No matter what, I choose to feel it

I emailed this week with a young man living in Northern Europe.  He was curious about his sexuality, and because of a physical disability, did not have much experience.  Because of his location, he did not have much access to sexuality support.  He had found me on the internet and reached out so bravely, across the many miles that separate us.

We exchanged several emails, and had set up an appointment time to meet via video conferencing.  He was clear about what he wanted to work on.  In a confirmation email, I reflected back to him what I heard him saying he wanted.  He had asked me what my suggestions were, and I suggested a particular way we might work together.

The next email I received was him cancelling our appointment.  He wrote that actually he was learning all that he needed via watching videos, and no longer required my services.  “Hmmm.”  I thought.  Usually, when things are going well with new clients and we are moving towards our first session, it’s normal for them to have some fear that comes up.  Sometimes they write to me and confess their worries.  But rarely at this stage do folks cancel.

What was going on?  My intuition said that fear, repression and shame were at work.  That this young man got hit hard with some shame backlash when I reflected his desires back to him.  I was invested in working with this person; his commitment to prioritizing his sexuality in spite of the tremendous obstacles he is facing had earned my respect.

I wrote back, and asked him if shame and fear were present for him, and if that was why he had changed his mind.  I asked him to be in touch if he ever decided that he really couldn’t learn everything he needed to know about sex from watching videos.  His response staggered me.  He wrote that he had realized that his priority was to get his life in order.  That he had spent enough time working on his sexuality for now, and it was going to take at least ten years to get his life situated, and at that time he might again focus on sexuality.  And that he doubted very much he’d ever be in touch.

radicular_painI nearly cried. Ten years?? What would happen to this tender impulse towards pleasure after ten years of denial? What would happen (or wouldn’t happen) neurologically to him?

A strong belief I hold in this work is that we must live in the bodies that we have, right now. That sensation and feeling aren’t something that ‘someday’ are welcome, once the body we have is right, once the situation we have is right, once the partner we have is right.  Sensation and feeling are the currency of being human; we must be diligent in our pursuit of the experience of actually living in our bodies.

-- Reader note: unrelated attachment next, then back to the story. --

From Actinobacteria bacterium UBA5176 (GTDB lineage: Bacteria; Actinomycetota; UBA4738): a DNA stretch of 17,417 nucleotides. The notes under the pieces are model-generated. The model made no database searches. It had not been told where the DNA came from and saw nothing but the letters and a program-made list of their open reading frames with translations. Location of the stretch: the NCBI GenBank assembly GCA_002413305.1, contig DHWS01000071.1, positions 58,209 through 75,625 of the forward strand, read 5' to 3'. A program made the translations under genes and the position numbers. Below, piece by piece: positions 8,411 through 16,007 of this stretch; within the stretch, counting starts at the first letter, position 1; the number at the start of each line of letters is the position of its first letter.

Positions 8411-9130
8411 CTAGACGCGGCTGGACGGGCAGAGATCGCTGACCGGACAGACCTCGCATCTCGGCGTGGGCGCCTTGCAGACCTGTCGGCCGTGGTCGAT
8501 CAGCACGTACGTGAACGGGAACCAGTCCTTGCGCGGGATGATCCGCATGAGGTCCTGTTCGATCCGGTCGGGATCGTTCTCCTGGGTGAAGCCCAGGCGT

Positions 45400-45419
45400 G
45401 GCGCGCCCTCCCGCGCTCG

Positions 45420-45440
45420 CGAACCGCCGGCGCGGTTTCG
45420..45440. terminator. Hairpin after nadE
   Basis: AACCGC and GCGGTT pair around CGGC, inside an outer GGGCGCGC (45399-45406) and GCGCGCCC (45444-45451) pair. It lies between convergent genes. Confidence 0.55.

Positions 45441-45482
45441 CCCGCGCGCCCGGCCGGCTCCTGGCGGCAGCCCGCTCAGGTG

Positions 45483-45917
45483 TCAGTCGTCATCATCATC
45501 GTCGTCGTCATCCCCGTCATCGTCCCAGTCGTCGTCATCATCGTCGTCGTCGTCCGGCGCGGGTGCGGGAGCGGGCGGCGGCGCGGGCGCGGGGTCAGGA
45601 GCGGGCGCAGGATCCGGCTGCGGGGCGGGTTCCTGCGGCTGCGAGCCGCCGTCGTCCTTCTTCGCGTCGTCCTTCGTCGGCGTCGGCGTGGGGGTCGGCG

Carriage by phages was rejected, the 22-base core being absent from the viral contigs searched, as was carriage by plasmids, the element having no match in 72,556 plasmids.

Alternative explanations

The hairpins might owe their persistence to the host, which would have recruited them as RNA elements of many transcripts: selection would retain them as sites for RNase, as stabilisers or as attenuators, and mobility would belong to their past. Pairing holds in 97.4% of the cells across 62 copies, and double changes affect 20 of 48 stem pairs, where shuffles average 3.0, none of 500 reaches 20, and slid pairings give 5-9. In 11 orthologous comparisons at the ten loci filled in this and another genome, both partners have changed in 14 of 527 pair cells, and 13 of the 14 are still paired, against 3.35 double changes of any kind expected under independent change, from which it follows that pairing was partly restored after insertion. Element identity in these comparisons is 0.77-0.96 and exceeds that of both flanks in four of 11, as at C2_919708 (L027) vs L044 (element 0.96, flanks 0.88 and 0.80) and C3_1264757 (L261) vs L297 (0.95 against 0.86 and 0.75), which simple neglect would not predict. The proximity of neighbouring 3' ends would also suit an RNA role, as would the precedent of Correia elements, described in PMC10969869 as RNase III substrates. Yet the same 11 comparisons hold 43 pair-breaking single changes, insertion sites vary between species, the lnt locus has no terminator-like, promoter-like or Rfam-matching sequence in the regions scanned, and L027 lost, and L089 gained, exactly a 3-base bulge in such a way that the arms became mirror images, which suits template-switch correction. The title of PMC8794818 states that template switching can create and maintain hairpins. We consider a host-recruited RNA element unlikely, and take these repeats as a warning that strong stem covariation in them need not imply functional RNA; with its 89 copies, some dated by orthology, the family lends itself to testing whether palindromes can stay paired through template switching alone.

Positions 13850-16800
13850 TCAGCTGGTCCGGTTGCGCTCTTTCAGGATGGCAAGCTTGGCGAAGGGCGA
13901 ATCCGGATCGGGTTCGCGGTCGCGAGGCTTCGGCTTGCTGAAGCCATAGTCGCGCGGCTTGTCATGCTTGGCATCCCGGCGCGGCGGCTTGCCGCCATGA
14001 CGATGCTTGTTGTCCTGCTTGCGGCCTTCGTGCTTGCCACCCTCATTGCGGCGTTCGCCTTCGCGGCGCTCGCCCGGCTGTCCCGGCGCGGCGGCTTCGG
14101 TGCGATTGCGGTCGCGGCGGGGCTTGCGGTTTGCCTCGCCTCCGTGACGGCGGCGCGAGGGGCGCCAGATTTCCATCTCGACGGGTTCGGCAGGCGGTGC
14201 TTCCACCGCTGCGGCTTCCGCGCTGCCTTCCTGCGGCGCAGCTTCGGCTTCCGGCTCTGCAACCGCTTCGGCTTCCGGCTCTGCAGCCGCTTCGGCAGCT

There are so many reasons to not feel, to disassociate, to leave or forget or numb this experience of the human body. Choosing not to feel is always a viable choice. However, it is a choice that comes at a price, and one of which we want to be very aware.  When we choose numbness over pain, or denial over reality, when we turn it down or push it down or drown it out or anesthetize, when we leave our bodies… the price we then pay is in how difficult it is to return, once we are ready. It is possible, of course, to return to sensation and feeling and pleasure.  I am living proof. But oh the time it takes… and the effort.  It can be quite daunting to return to embodied life when we’ve been away.  And ten years???

Trauma is real. And for every step we’ve taken away from our deepest knowing and feeling of ourselves, that is one step we must take when we return.  10,000 steps going away =  10,000 steps coming home.  (By step I mean energetic movement away from our core, and please forgive the ableist language.)

We don’t even know what we don’t know.  We don’t know what we don’t feel. If we numbed out at a young age, the amount of sensation we feel is our ‘normal.’  We may not even consider that there is more to feel, more to know.  We may conclude our sexual situation is “good enough.”

I feel so hurty-in-my-heart about shame and the ways it impacts our ability to feel and be close.  I so wish I had a magick pill to send to that young man. I wish him all the best, and I send him the knowing that eventually, Eros DOES call us home.  A thing is not cooked until it is, and no one’s process can be rushed.  And yet. The quiet suffering of sexual repression on this planet is a constant dull roar in my ear. I cannot forget.  I am in service to Eros emancipated. And this is a prayer, that the road be open and easy as we all move away from shame, and  towards erotic wholeness.

If this resonates with you, please leave a comment below.

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2 thoughts on “No matter what, I choose to feel it

  1. indeed. thanks for expressing this well, pavini. as someone w/disabilities, i’ve also repeatedly had the thought about ‘i won’t get to have x__ enjoyments w/my body till i take care of y and z’–
    it takes some time to realize that life is so dynamic, that factors keep shifting of what seems available or not and when–that we may as well go for things we want, sooner than later.
    also when i’ve been in a role of offering intimate guide work to clients, i’ve really felt the blockage of regret when sometimes folks have expressed interest, then not had the courage to fully pursue how the work could unfold with me.
    yay for your compassion, and encouraging more courage!

  2. Thanks, Seeley. I agree. I also hear this a lot when I work with trans folks who are in a process around transition… “when I get….. then I will….” and it’s something I am committed to calling by name. And yes, courage begets courage, and sometimes it just takes awhile.Love!

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